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Bangkok, 10 December 2015 - Our Rights, an Asia-Pacific wide campaign to put a human face on key rights issues is being launched by the UN Population Fund (UNFPA) to mark Human Rights Day today.

Over the next year, UNFPA's 23 offices in the region will work with a range of partners to help give people a voice on what human rights mean for them and what they expect from their communities and countries, through images, video, personal narratives and other forms of creative expression, conveyed via social media and the hashtag #OurRights.

"The Our Rights campaign invites everyone, including women, girls and young people, especially those in communities that have traditionally been excluded, such as indigenous people, migrants, disabled people, the LGBTI community and the poor, to share their stories about what it really means to be born free and equal in dignity and in rights," said Yoriko Yasukawa, UNFPA's Regional Director for Asia and the Pacific.

"We'll help amplify people's voices, stories and views about sexual and reproductive health and rights, freedom from gender-based violence, and the leadership of young people. It's their vision that will inform, educate and empower communities - and support governments to meet their human rights commitments," Yasukawa said.

The world marks Human Rights Day every 10 December, honouring the day in 1948 when the UN General Assembly adopted the Universal Declaration of Human Rights.

"Human rights are central to everything we do at the UN. Now, more than ever, they are vital as we work together to meet the 2030 Sustainable Development Agenda, that seeks to ensure a life of dignity for all people, in all spheres of life - the economic, the social, the environmental," noted Yasukawa.

"Especially at this moment when the news is dominated by acts and words of fear and intolerance, it is important that people of different beliefs and cultures come together," she added. "Human rights are not only about individual entitlements and freedoms but also about living together in a community, respecting and celebrating our differences."

World leaders adopted the Sustainable Development Goals (SDGs) at the UN on 25 September. They aim to end poverty, fight inequality and injustice, and tackle climate change by 2030. The SDGs build on the period of the Millennium Development Goals (MDGs), the eight anti-poverty targets agreed to in 2000 that conclude this year.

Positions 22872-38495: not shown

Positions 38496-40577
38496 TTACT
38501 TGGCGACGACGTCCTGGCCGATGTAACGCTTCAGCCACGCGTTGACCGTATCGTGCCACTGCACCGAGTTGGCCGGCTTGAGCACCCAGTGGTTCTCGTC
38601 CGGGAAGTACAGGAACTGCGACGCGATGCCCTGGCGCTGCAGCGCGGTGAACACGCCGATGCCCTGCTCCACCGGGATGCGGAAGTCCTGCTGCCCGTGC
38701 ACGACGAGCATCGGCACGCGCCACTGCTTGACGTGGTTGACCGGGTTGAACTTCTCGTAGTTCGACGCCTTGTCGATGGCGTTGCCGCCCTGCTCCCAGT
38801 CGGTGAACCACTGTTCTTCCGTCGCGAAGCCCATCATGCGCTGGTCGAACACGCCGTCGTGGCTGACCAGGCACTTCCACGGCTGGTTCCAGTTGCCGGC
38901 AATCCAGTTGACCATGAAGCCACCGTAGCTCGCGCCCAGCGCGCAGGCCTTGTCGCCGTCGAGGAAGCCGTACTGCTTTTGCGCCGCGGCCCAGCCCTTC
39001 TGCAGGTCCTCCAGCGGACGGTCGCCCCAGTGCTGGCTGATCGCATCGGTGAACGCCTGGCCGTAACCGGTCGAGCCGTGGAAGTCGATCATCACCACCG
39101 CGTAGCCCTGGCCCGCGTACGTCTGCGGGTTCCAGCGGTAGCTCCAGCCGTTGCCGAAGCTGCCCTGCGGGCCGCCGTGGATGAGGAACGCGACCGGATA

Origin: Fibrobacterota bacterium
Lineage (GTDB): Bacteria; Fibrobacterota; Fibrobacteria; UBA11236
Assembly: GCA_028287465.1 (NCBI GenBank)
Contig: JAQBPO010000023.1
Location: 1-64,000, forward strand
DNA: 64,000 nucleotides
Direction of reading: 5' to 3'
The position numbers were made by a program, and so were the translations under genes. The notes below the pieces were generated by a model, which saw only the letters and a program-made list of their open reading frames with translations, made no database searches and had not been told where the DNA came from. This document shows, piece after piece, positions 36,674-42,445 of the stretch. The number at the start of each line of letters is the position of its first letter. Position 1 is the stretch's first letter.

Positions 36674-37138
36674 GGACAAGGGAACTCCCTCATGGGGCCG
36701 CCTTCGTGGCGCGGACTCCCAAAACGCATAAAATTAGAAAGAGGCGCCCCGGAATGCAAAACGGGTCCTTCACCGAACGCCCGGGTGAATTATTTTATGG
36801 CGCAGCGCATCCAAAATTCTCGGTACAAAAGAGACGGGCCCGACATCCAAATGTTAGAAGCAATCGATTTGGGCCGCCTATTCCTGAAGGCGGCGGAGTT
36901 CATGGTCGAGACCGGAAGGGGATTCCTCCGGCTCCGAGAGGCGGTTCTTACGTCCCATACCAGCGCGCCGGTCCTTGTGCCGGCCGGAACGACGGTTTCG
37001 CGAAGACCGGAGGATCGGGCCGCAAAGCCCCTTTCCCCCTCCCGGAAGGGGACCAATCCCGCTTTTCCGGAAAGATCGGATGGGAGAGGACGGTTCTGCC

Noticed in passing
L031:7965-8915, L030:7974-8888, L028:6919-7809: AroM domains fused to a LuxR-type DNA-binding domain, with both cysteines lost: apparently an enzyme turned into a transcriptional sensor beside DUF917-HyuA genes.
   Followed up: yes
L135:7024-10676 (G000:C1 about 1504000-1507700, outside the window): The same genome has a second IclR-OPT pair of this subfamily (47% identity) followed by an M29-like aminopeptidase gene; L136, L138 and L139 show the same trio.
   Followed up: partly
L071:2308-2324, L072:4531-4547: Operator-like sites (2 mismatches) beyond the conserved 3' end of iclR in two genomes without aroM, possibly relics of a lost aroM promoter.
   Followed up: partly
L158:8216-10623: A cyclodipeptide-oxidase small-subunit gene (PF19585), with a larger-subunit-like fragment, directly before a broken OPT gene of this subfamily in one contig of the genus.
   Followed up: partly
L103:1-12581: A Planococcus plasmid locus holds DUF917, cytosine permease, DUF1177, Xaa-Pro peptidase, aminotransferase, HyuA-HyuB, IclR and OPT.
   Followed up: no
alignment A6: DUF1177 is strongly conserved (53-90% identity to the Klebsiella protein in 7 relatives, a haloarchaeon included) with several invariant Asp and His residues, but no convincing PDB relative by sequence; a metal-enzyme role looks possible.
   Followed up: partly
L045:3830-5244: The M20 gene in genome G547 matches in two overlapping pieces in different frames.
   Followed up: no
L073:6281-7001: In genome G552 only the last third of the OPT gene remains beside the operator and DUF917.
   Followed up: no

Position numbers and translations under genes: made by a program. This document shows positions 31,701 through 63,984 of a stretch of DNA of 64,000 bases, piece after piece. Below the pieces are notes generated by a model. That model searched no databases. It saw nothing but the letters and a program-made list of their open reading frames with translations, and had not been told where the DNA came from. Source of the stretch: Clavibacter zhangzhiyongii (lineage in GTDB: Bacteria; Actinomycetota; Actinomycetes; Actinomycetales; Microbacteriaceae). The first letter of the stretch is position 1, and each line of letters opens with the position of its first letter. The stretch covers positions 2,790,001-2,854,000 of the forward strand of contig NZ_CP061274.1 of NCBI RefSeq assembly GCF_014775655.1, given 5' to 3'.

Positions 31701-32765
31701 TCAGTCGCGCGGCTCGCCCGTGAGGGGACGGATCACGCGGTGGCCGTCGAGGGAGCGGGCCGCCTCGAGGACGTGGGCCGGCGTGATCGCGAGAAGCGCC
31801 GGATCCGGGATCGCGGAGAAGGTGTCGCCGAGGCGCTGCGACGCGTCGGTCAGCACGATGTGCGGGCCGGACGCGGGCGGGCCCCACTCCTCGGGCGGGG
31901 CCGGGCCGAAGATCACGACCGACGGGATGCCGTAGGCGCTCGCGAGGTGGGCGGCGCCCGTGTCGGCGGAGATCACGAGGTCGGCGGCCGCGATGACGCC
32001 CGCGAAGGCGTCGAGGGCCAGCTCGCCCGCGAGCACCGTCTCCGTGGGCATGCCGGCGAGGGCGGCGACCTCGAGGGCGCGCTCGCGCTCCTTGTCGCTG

Major progress has been made across the region under the MDGs. In 1990, over 50% of people lived in extreme poverty. In 2011, it was down to 18%. The proportion of women dying from causes related to pregnancy and birth dropped from 246 per 100,000 to 124 between 2000 and 2013.

But there is still much to do. 772 million people still live in extreme poverty, and over 90,000 women across the region die each year from causes related to pregnancy and birth. Five of the top 10 countries for maternal deaths are in Asia-Pacific.

"The new SDGs and the rights they enshrine could be embodied in a girl, now ten years old, becoming the woman she wants to be at the age of 25 in 2030," said Julia Cabassi, UNFPA's Regional Advisor on HIV & Human Rights for Asia and the Pacific.

"That means ensuring her right to grow up free and healthy, her right to get a good education in a safe school that teaches her to value and believe in herself - and to chase her dreams."

"It also means her right to get access to decent work, her right to be safe from violence. It means her right to marry who she chooses, when she chooses, and have as many, or as few children as she wants - in safe, healthy conditions," Cabassi said.

"She would also contribute to changing the way we all live so we are more in harmony with nature. And finally, she would, as is her right, enjoy old age with dignity."

"We need to make changes that will turn this vision into reality," concluded Yasukawa. "And the first step is to talk about what needs to be changed, giving a voice to those who are normally not heard."